Corgi Flight CC99301
BAe Hawk T.Mk 1A Diecast Model
RAF Red Arrows, XX264, RAF Scampton, England
|1:72 Scale|| ||Length|| ||Width|
|BAe Hawk T.Mk 1A|| ||6.25"|| ||5.25"|
The Hawk originates from a 1964 requirement for a new RAF trainer to replace the Gnat. The two-seat Jaguar was initially intended for this role, but it was soon realized that this would be far from ideal. Accordingly, in 1968 Hawker Siddeley Aviation began the design of a much simpler strictly subsonic trainer, which it designated P.1182 (later HS. 1182). The stepped cockpit, allowing the instructor in the rear seat a good forward view, was an innovation subsequently adopted by many other training craft. Confidence in the design was such that no prototypes or pre-production aircraft were ordered, the first six production aircraft being used for development testing. Five of these aircraft were later delivered to the RAF. After entering RAF service in 1976, the Hawk replaced the Gnat and Hunter in the advanced training and weapons training roles respectively. The most famous RAF operator being the 'Red Arrows" aerobatic team. The Red Arrows were established in December 1964 and flew their first public display in May 1965 with nine Folland Gnat trainers until the 1980 season , when the new British Aerospace Hawk re-equipped the team as its base of Kemble in Gloucestershire, before moving to Scampton, Lincolnshire shortly afterwards. The Royal Air Force Aerobatic Team, the Red Arrows, was initially based at Raf Fairford, Gloucestershire, then a satellite unit of CFS. The first team had seven display pilots and was equipped with the Folland Gnat jet trainer. At the end of their first season, the Team had performed 65 displays in Britain, France, Italy, Holland, Belgium, and Germany and was awarded the Britannia Trophy by the Royal Aero Club in recognition of their outstanding contribution in the field of aviation. When it was decided to continue to fly just seven aircraft in displays. The practice of carrying spare pilots proved unsatisfactory because the display is so specialized that each position has its own demands and requires much practice to perfect. A spare pilot, who must be capable of filling any position at a very short notice, requires more training than any other member of the team, and as a result becomes more skilled. He then becomes dissatisfied with his role as a reserve. In 1968 the Team was increased in size to nine and adopted the classical Diamond Nine formation which has come to represent the peak of precision flying: it is now the Team's Trade Mark and is recognized world-wide. The Red Arrows took delivery of the Hawk trainer in the Winter of 1979/80. During that inter the pilots converted from the Gnat and worked up a display using the new aeroplane in time for the 1980 Summer Display Season. Since being introduced into service with the Red Arrows, the Hawk has taken the Team on tours of Eastern and Western Europe, the USA, the Middle and Far East, Africa, and Australia – in all the Red Arrows have displayed in 50 countries. Normally each pilot, including the Leader, stays with the team from year to year. The Synchro Pair, Reds 6 and 7, perform the highly popular solo maneuvers in the second half of the display. They provide extra excitement and ensure that there is always some activity going on in front of the crowd whilst the Team Leader is re-positioning the remaining aircraft for their next flypast. There is one other qualified Hawk pilot, Red 10, the Team Manager. He flies the 10th Hawk to displays away from base, ready for use in case one of the others becomes unserviceable, but he never flies in public displays. The manager gives the commentary at air during Red Arrows' performances.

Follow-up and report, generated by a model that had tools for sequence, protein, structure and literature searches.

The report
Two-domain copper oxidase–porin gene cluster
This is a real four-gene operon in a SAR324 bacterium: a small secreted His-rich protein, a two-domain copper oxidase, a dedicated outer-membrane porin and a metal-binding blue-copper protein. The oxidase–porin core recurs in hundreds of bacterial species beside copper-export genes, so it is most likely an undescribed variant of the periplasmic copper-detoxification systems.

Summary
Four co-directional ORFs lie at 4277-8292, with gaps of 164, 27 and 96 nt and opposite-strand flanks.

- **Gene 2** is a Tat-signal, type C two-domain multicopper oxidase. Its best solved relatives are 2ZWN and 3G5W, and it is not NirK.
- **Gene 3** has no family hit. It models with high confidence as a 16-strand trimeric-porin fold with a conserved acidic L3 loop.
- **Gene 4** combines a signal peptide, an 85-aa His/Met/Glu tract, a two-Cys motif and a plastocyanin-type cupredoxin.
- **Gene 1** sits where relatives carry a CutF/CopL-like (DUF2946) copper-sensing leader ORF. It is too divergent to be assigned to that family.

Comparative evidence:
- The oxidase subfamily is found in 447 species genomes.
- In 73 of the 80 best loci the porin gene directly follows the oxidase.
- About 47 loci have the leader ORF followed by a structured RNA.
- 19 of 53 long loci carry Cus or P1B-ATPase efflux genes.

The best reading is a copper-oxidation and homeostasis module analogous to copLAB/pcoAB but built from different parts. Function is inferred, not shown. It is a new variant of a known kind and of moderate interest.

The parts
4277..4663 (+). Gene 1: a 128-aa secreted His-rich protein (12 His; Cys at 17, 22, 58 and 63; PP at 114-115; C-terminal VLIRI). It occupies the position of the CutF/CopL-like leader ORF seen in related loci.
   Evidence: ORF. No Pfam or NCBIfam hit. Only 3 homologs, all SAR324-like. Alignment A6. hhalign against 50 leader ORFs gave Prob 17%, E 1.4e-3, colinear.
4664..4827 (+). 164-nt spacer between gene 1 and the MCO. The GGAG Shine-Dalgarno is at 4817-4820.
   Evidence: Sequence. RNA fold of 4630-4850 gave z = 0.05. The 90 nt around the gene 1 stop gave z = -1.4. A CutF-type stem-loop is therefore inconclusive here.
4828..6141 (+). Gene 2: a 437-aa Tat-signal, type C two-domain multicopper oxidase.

Designed to meet an RAF requirement for a fast trainer to replace the Folland Gnat, the BaE Hawk first flew on August 21, 1974. This tandem two-seat aircraft has a distinctive appearance, with the front seat positioned below the rear seat so that the instructor has a clear view of the student's cockpit. The Hawk is subsonic in level flight but can achieve Mach 1.15 in a dive, giving trainees the experience of supersonic flight. Hawks are expensive to produce but durable and maneuverable enough to be used for combat. The Hawk is in use in 18 different nations, and is still in production today.
© Copyright 2003-2017 The Flying Mule, Inc.
The Corgi "Flight" range presents affordable, ready-made diecast models of military aircraft. These models are produced from the same basic tooling as the distinguished "Aviation Archive" range. By limiting some of the finer details like pitot tubes, antennas and warning placards, Corgi are able to offer an excellent low-cost alternative for budget-minded collectors.
Corgi "Flight" diecast airplanes feature:
- Diecast metal construction with some plastic components.
- Realistic panel lines, access panels and surface details.
- Pad printed markings that won't fade or peel like decals.
- Spinning plastic propellers.
- Permanently retracted landing gear.
- Presention stand to display the aircraft "in flight".
- No pilot figures.
© Copyright 2003-2017 The Flying Mule, Inc.